On February 19, 2020, WEF published The Water Professional’s Guide to COVID-19. The Guide was meant to increase water sector awareness of COVID-19 virus and any water and wastewater-related issues and relevant resources. The content was reprinted in the April 2020 issue of Water Environment & Technology. Since then, the World Health Organization (WHO) has declared COVID-19 a pandemic and the disease has spread to more than 210 countries with more research on the virus being published every day. In an effort to keep the water community informed of COVID-19 developments, the Waterborne Infectious Disease Outbreak Control (WIDOC) working group has prepared an update to highlight the latest scientific findings, as well as topics not previously addressed. The goal is to contextualize these new results and state the implications and significance from a water and wastewater collection and treatment, public health and water resource recovery facility (WRRF) worker perspective. Primary Messages The research community has yet to find evidence of survival of infective COVID-19 virus in feces and in wastewater systems. Efforts are ongoing to assess the relative risk of exposure to wastewater. Current efforts estimate numbers of infections in the community and support public health surveillance by detecting the virus in wastewater using molecular techniques that identify presence and quantities of genetic material (RNA). This method does not assess virus viability or infectivity.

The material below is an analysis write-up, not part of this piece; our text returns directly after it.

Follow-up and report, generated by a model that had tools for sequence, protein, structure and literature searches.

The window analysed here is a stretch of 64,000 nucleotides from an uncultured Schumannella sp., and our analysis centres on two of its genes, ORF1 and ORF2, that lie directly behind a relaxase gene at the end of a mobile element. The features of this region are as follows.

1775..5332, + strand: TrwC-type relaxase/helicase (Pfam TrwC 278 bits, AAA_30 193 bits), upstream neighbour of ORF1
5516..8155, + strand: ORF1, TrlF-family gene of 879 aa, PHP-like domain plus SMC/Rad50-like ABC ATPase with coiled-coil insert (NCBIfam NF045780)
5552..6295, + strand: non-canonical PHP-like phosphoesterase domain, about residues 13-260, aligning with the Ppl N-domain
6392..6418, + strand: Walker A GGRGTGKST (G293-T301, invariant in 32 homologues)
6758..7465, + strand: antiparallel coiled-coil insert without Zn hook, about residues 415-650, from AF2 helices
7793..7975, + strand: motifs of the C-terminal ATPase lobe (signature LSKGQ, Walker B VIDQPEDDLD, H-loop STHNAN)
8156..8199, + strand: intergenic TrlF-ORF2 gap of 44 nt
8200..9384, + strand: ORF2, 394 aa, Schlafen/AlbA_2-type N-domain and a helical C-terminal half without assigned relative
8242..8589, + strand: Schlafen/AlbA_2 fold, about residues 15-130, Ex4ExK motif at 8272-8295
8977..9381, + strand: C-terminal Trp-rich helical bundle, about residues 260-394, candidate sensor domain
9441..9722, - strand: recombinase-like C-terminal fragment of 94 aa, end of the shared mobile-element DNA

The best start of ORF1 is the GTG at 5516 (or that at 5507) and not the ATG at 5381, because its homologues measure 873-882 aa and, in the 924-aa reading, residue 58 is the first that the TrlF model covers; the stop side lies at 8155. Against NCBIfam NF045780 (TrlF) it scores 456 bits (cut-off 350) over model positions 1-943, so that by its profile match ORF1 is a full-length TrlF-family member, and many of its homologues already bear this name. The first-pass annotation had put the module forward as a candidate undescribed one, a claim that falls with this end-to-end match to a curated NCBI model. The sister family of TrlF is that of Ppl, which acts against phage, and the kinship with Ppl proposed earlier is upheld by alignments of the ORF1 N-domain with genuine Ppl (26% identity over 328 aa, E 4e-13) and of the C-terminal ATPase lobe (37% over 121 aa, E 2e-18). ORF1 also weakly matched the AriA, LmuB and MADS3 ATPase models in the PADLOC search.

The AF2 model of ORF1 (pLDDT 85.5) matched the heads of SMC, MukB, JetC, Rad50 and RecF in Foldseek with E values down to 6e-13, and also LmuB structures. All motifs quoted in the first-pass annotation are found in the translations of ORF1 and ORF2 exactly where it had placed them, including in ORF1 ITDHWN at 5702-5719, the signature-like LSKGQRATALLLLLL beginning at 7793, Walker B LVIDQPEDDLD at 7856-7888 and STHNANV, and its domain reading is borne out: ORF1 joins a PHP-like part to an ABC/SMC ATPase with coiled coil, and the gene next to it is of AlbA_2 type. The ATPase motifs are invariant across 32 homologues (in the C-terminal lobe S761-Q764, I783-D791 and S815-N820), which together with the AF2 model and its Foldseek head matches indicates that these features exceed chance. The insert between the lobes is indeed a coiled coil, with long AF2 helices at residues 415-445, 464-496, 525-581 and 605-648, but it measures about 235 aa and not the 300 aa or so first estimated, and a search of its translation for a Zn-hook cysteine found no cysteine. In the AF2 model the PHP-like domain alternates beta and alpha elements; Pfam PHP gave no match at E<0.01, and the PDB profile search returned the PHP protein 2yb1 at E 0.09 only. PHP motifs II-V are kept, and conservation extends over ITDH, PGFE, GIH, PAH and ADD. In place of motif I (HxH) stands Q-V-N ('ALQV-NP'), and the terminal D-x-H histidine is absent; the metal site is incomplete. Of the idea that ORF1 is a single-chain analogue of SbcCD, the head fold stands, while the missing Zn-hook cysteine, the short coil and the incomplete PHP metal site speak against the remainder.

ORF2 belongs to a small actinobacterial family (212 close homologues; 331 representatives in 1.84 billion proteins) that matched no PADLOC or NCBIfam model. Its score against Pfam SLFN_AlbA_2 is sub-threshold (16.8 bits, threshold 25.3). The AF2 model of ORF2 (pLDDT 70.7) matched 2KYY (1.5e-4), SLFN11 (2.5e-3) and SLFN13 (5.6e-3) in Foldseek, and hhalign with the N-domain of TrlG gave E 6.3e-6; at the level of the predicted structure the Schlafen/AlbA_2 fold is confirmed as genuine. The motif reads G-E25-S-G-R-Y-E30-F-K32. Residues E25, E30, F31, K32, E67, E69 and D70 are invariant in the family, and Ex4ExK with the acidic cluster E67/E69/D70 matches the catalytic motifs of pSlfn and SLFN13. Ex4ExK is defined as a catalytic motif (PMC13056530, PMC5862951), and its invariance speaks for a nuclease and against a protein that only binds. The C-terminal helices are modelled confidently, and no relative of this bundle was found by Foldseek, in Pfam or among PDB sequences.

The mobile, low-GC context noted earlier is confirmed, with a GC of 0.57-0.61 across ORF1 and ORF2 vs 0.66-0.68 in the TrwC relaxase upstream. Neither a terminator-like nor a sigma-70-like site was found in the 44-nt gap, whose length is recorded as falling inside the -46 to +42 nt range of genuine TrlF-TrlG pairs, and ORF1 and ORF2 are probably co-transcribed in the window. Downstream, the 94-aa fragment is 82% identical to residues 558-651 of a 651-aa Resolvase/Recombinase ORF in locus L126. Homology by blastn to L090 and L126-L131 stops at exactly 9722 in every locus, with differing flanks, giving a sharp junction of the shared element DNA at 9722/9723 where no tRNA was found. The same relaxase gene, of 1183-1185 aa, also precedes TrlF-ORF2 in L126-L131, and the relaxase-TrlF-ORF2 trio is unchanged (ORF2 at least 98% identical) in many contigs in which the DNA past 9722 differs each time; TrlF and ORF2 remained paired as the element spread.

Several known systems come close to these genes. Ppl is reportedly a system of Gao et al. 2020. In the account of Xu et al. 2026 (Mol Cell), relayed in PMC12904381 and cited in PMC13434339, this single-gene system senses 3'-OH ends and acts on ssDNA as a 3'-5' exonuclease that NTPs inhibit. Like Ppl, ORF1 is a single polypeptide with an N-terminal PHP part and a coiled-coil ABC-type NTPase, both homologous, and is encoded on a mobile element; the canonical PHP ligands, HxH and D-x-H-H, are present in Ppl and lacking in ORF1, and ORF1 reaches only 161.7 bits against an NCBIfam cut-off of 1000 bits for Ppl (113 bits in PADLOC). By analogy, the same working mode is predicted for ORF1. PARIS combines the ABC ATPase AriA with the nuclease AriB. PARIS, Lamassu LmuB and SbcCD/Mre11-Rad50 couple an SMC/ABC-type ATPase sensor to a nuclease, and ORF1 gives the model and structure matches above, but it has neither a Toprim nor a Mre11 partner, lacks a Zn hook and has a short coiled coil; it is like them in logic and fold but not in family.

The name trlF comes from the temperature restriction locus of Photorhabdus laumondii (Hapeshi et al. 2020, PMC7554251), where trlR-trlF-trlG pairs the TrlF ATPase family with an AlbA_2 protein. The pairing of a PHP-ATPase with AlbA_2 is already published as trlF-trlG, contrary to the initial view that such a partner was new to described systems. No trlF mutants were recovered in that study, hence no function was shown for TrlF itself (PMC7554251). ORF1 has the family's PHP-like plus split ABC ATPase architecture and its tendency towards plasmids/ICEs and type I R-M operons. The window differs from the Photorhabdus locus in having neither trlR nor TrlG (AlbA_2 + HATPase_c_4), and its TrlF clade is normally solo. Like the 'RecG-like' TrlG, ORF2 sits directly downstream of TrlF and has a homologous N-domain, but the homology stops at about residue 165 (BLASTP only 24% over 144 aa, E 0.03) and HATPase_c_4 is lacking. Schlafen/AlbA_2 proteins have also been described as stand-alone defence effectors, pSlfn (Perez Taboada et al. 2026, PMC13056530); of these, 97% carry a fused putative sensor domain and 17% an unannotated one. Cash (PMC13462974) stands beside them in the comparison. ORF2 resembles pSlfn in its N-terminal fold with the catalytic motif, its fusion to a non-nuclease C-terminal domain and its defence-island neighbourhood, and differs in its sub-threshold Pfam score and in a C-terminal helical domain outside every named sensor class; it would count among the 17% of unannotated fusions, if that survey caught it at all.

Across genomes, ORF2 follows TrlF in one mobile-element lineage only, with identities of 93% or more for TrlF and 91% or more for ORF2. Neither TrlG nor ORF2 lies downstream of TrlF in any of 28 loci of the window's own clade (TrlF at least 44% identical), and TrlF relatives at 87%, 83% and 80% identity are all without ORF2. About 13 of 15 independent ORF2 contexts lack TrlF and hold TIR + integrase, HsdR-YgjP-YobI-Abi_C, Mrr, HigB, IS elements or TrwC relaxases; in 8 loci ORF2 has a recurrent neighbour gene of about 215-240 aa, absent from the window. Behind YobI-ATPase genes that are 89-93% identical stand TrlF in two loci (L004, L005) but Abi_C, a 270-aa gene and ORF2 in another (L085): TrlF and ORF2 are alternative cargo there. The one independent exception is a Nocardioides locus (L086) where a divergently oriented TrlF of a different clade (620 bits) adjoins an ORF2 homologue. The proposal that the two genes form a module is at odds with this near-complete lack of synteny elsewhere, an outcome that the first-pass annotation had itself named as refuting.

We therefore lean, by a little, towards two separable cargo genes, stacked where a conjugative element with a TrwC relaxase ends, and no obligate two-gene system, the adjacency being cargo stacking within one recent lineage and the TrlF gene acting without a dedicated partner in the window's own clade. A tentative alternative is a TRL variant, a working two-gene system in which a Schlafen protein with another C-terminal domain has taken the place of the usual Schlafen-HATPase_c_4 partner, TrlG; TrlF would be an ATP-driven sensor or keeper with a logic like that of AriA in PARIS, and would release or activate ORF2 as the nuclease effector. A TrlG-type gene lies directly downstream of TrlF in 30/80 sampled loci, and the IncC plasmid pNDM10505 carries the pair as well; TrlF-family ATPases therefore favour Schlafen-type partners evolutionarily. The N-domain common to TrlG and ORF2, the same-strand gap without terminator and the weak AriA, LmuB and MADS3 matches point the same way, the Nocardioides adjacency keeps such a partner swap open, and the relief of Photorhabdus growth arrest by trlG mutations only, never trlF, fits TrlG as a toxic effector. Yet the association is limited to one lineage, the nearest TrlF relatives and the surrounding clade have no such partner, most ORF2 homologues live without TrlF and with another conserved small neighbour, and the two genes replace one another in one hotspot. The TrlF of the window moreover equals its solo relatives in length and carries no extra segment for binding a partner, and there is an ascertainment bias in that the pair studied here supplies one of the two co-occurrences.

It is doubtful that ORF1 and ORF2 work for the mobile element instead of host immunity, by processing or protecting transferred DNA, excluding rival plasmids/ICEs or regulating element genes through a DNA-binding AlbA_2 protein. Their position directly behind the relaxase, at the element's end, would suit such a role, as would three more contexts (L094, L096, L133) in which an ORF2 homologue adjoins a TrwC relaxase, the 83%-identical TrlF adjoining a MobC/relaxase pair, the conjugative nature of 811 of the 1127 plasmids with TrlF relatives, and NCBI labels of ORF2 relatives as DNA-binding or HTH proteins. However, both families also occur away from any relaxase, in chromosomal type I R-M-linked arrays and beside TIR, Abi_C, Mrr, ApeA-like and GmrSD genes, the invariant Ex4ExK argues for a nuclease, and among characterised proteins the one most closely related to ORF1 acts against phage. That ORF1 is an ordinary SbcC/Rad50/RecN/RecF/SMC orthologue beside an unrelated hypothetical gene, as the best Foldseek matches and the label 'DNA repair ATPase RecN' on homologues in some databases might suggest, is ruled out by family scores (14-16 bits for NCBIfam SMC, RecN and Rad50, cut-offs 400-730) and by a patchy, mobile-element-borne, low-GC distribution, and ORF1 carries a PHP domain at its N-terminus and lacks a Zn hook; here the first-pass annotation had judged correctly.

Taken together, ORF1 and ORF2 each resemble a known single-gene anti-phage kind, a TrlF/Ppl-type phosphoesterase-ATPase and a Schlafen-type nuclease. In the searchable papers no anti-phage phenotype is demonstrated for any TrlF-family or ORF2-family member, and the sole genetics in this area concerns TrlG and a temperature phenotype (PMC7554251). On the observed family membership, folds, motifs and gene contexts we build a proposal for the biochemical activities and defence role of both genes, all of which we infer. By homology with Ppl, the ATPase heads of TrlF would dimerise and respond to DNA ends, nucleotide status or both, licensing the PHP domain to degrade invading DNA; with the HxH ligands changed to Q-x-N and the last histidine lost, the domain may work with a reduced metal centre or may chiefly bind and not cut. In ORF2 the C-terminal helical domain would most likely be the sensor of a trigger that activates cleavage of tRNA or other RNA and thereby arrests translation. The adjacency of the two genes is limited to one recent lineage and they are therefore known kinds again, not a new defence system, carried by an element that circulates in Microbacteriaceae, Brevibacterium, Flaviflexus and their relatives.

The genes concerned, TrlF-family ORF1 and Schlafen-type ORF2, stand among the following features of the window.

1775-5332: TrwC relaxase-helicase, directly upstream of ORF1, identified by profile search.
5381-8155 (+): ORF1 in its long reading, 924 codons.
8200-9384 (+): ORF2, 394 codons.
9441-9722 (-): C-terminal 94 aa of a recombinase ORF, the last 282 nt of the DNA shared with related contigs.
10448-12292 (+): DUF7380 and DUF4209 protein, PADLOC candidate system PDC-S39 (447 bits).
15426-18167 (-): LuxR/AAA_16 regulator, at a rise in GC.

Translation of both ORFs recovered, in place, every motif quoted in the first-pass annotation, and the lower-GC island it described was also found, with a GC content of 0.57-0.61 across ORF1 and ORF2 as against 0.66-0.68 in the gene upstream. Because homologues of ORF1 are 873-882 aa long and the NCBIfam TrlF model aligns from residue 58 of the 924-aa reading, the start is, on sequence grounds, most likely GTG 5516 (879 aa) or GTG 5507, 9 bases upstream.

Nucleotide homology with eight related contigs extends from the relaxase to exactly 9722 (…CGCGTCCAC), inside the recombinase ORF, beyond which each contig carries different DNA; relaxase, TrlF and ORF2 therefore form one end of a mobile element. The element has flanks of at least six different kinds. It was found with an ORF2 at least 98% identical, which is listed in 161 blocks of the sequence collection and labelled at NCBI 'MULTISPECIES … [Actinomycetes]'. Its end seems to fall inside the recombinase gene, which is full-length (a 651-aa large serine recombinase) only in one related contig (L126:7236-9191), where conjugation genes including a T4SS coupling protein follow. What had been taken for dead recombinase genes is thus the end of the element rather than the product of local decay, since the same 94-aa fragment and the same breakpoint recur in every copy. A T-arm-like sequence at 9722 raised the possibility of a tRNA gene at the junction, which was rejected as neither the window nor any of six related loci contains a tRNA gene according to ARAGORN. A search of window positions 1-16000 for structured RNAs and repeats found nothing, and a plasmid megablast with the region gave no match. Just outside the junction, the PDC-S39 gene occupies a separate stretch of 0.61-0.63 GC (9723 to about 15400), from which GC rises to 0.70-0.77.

Future research on COVID-19 virus is encouraged to investigate concentrations of infective virus in feces (if any), shedding patterns in patients and factors influencing persistence of infective virus in plumbing and collection systems. Research is ongoing, but experts currently believe that exposure to wastewater is not a significant transmission route for COVID-19 virus. WEF continues to work on improving protection of wastewater workers from pathogen exposure — especially via aerosols — by forming a Blue Ribbon Panel to address the issue of required personal protective equipment, as well as protective work and hygiene practices. Coronavirus and Water Systems WSEC-2020-TR-002 Water Environment Federation Page 2 | 27 This update reinforces our previous recommendations, which align with the U.S. Centers for Disease Control and Prevention (CDC), the U.S. Occupational Safety and Health Administration (OSHA), WHO and the Pan American Health Organization (PAHO). There is still no evidence that coronavirus survives the disinfection processes utilized for drinking water and wastewater treatment. No coronavirus-specific protections are recommended for workers working in wastewater treatment and collection systems. However, as data emerges almost daily with regard to this virus, heightened vigilance in compliance with existing personal protective procedures is appropriate to control exposure.